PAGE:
;When your tenancy comes to an end, you and your landlord might not agree on who gets the deposit you paid.
Your landlord should register your deposit with a tenancy deposit protection scheme. But, if your landlord believes they are entitled to the deposit, or didn’t register your deposit in the first place, you can dispute their decision and get your deposit back.
My Landlord Didn’t Register or Protect My Deposit
Your landlord has a duty to register your deposit with a tenancy deposit scheme in order to protect it.
The TDS would act as a sort of insurance in case you have breached your tenancy agreement. However, you may be able to claim against your landlord if:
- Your landlord did not register your deposit with a TDS
- The deposit was not returned or was unfairly taken from (more on this below)
- Your landlord refused or is unable to return your deposit
- You were not informed that your deposit was protected (served statutory notice)
- The deposit was not protected within 30 days of receipt
If any of these situations apply to you, you could claim for up to three times your deposit amount and have your deposit returned in full. And, you could easily make a claim for a breach like this for up to 6 years – even if you have left the property.
You can claim for every breach; every time there is a new tenancy agreement, your landlord should be protecting your deposit. For example, if you had an assured shorthold tenancy for 6-12 months, which then converted to a rolling tenancy, you may be able to claim for the start of the assured shorthold tenancy, and again for when it became a rolling tenancy, if your deposit wasn’t protected at either time.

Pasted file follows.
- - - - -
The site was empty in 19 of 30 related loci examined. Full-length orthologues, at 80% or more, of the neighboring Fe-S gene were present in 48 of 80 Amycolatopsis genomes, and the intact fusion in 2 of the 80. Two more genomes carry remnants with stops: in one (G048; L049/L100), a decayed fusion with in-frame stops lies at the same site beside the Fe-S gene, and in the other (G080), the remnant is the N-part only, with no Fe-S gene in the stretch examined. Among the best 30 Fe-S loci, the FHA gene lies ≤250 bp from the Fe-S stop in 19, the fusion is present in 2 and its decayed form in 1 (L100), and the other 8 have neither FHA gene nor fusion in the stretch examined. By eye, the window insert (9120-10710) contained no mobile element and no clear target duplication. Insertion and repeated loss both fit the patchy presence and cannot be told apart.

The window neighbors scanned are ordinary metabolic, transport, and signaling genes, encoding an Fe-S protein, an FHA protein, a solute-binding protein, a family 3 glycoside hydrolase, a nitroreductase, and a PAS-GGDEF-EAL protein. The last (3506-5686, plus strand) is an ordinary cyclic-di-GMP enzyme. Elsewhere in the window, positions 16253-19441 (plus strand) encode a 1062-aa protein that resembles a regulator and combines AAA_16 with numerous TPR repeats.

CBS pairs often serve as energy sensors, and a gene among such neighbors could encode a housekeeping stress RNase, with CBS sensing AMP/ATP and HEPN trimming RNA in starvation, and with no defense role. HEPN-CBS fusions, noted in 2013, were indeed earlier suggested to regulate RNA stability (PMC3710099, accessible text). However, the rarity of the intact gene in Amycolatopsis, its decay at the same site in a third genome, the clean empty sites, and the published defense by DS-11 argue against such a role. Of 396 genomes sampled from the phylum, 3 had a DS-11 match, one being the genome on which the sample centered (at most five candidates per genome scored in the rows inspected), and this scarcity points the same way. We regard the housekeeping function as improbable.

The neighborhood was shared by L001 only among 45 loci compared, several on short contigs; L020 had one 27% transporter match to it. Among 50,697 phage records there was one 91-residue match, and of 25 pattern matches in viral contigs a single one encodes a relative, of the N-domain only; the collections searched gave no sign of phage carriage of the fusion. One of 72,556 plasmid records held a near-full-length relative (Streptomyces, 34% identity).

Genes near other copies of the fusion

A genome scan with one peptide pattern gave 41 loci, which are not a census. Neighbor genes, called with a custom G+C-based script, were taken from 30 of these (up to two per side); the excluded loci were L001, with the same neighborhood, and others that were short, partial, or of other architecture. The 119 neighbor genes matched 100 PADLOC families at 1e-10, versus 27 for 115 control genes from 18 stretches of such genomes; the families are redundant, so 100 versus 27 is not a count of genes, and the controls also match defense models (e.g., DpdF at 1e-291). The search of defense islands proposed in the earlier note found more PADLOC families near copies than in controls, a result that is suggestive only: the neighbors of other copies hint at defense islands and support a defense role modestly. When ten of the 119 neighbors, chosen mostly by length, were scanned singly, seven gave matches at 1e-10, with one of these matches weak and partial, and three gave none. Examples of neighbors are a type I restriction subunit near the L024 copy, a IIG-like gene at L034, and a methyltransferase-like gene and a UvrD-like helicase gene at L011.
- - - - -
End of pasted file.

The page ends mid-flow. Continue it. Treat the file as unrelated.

On top of this, your landlord is never entitled to deduct money from your deposit if it has not been protected.
Call us on 01925 351 350 to get started with your claim.
My Landlord Is Not Returning My Deposit
You may be in dispute with your landlord over who is entitled to your deposit. There are certain situations where they could have a right to some or all your deposit. These include:
- Any rent you owe
- Repairing damage you caused to the property
- Replacing items that are missing from the property
However, there are some allowances for times when your landlord cannot take from your deposit. They cannot take from your deposit to:
- Replace carpet or flooring that has been reasonably worn over time
- Pay for repairs that they didn’t do when they should have
- Any other ‘reasonable wear and tear’ of the property
It always helps to be aware of what your tenancy agreement specifies, but we can help you understand your situation. Call us on 01925 351 350 to speak to an expert now.
How Can Chris Rudd Solicitors with a Tenancy Deposit Dispute?
We specialise in landlord and tenant disputes, from deposit disputes and evictions to housing disrepair. And, we can cover the whole country as we often work remotely for our clients. On top of that, we can offer:
- Up to 15 minutes initial advice, free of charge
- Clear and simple pricing after that
- Friendly, expert staff ready to help you
So, if you think you’re entitled to make a claim because your landlord hasn’t protected or returned your deposit, get in touch. We can help you assess your situation and advise you on the best course of action. Our aim is always to get the best outcome for you, so please call us on 01925 351 350 to get started.
Your Title Goes Here
Your content goes here. Edit or remove this text inline or in the module Content settings. You can also style every aspect of this content in the module Design settings and even apply custom CSS to this text in the module Advanced settings.